Red Hat

Some tips on using Hibernate in JBoss AS 7.0.0.Final

Posted by Marius Bogoevici    |       |    Tagged as JBoss AS

Here are a few quick tips when migrating Hibernate 3-based applications to JBoss AS7, covering the options available for JBoss AS 7.0.0.Final.

In previous versions of JBoss AS, a version of Hibernate was always present on the classpath. As a result, applications that used Hibernate directly have traditionally avoided to include it in the deployment in order to avoid classloading conflicts, or have taken additional steps to enforce classloader isolation.

The visibility rules have changed in AS7 due to the new modular classloading model, and so Hibernate libraries are made visible by default only to JPA deployments. The changes may affect existing Hibernate applications, so this is a short breakdown on the available options when running on JBoss AS7. Wherever this is subject to change in future versions, we also provide a succint description of the forthcoming enhancements.

Native Hibernate applications

As of the 7.0.0.Final version of JBoss AS, native (i.e. non-JPA) Hibernate applications can opt between:

  • packaging a Hibernate version of their choice inside the application;
  • adding the 'org.hibernate' module as a dependency to the application (adds Hibernate 4), e.g. by adding to the deployment a META-INF/MANIFEST.MF file that contains the following line:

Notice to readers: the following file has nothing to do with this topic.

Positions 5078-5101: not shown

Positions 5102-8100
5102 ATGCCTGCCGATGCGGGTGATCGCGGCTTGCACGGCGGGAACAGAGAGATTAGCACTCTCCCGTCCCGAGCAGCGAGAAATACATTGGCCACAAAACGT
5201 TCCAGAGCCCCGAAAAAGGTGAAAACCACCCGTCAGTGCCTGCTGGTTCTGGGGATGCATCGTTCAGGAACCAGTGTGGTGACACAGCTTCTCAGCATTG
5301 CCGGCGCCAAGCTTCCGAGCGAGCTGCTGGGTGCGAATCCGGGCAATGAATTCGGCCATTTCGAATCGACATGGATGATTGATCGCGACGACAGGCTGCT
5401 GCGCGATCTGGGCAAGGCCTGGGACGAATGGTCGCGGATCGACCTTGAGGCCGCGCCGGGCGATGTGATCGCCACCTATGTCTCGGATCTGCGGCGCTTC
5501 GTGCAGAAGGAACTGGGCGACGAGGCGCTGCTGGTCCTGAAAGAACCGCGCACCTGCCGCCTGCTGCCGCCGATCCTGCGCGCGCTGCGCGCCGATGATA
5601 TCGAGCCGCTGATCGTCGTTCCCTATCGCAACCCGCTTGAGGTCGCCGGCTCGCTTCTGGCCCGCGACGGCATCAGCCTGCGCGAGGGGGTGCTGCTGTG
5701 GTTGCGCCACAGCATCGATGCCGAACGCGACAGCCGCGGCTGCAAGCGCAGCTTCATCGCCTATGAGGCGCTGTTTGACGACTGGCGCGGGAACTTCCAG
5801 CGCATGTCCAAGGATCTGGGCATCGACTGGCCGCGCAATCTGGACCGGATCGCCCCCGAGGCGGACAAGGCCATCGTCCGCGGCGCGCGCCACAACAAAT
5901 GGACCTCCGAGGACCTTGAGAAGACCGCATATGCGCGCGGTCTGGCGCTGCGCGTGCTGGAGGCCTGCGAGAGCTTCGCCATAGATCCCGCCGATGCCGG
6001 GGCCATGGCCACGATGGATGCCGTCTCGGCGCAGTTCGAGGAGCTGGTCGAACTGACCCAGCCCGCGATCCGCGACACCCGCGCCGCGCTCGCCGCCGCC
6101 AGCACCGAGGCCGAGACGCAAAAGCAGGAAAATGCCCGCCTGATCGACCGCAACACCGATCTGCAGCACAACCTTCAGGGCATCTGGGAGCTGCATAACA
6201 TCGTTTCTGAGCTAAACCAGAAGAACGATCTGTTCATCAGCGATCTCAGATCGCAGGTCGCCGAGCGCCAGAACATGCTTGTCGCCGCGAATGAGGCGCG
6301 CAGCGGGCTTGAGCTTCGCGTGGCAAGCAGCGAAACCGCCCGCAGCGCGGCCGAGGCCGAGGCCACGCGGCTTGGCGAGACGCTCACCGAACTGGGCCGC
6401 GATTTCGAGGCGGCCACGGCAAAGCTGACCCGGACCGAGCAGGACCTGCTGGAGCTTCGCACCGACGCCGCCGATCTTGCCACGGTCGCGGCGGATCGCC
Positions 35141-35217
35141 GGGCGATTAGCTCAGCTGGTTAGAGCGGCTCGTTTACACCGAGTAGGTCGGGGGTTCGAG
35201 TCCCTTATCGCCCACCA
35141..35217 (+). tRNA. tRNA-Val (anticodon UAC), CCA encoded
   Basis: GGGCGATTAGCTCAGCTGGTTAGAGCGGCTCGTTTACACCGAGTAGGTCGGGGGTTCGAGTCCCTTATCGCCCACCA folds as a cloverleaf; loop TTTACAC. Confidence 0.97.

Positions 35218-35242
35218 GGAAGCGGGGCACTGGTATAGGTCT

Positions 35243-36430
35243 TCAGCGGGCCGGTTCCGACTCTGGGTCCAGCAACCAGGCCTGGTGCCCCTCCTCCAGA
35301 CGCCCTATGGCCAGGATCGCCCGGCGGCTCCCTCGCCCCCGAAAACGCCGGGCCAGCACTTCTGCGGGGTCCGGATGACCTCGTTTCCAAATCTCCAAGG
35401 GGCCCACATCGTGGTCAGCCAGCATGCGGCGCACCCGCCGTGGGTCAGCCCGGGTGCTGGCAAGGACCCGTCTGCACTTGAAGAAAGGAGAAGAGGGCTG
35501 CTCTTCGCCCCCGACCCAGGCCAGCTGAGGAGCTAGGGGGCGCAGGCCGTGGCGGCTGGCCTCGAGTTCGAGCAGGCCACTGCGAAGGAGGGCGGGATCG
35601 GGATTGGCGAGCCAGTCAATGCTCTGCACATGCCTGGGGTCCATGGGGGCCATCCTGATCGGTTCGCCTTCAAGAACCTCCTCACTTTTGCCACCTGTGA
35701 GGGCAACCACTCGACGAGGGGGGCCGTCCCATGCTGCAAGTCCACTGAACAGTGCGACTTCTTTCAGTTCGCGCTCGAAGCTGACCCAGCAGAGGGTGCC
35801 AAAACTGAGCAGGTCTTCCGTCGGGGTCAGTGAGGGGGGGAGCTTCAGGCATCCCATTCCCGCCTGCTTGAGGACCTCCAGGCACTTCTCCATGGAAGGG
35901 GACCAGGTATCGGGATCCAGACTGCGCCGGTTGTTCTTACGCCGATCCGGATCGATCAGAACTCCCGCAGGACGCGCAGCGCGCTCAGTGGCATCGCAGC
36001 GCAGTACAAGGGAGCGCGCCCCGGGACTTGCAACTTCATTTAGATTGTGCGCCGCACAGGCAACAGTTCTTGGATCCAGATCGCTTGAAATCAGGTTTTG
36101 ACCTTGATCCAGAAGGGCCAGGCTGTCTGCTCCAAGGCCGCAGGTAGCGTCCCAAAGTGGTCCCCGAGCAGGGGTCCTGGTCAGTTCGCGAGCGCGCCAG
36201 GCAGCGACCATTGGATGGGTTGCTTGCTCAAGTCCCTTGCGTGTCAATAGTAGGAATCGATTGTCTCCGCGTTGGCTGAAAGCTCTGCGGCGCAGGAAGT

Dependencies: org.hibernate
  • creating a custom Hibernate 3 module, and adding it as a dependency to the application,e.g.
    Dependencies: my-custom-hibernate-module
    - noting that future versions of JBoss AS7 may already provide a skeleton Hibernate 3 module.

Application-created persistence units

JPA applications that create an EntityManagerFactory on their own, either using the PersistenceProvider SPI directly or through an intermediary mechanism such as Spring's LocalContainerEntityManagerFactoryBean have the same options as native Hibernate applications, noting that the 'org.hibernate' module may be added by default as a dependency as described here - so you may need to exclude it explicitly if you want to provide a version of your own. Therefore, under typical circumstances such applications can:

  • use the default setup (and use Hibernate 4)
  • package a Hibernate version of their choice and exclude the default 'org.hibernate' module by adding a WEB-INF/jboss-deployment-structure.xml or META-INF/jboss-deployment-structure.xml file (depending whether the deployment is a WAR or not) as follows:
    <jboss-deployment-structure xmlns="urn:jboss:deployment-structure:1.0">
      <deployment>
        <exclusions>
           <module name="org.hibernate"/>
        </exclusions>
      <deployment>
    </jboss-deployment-structure>
  • create a custom module and using it instead of the default 'org.hibernate';

Container-deployed persistence units

Generally speaking, standard Java EE-applications may ignore the provider implementation and rely on the standard features provided by the container - JBoss AS7 supporting standard JPA 1.0 and 2.0.

However, in future versions of JBoss AS7 it will be possible to use alternative persistence provider implementations - for more details please follow AS7-566.

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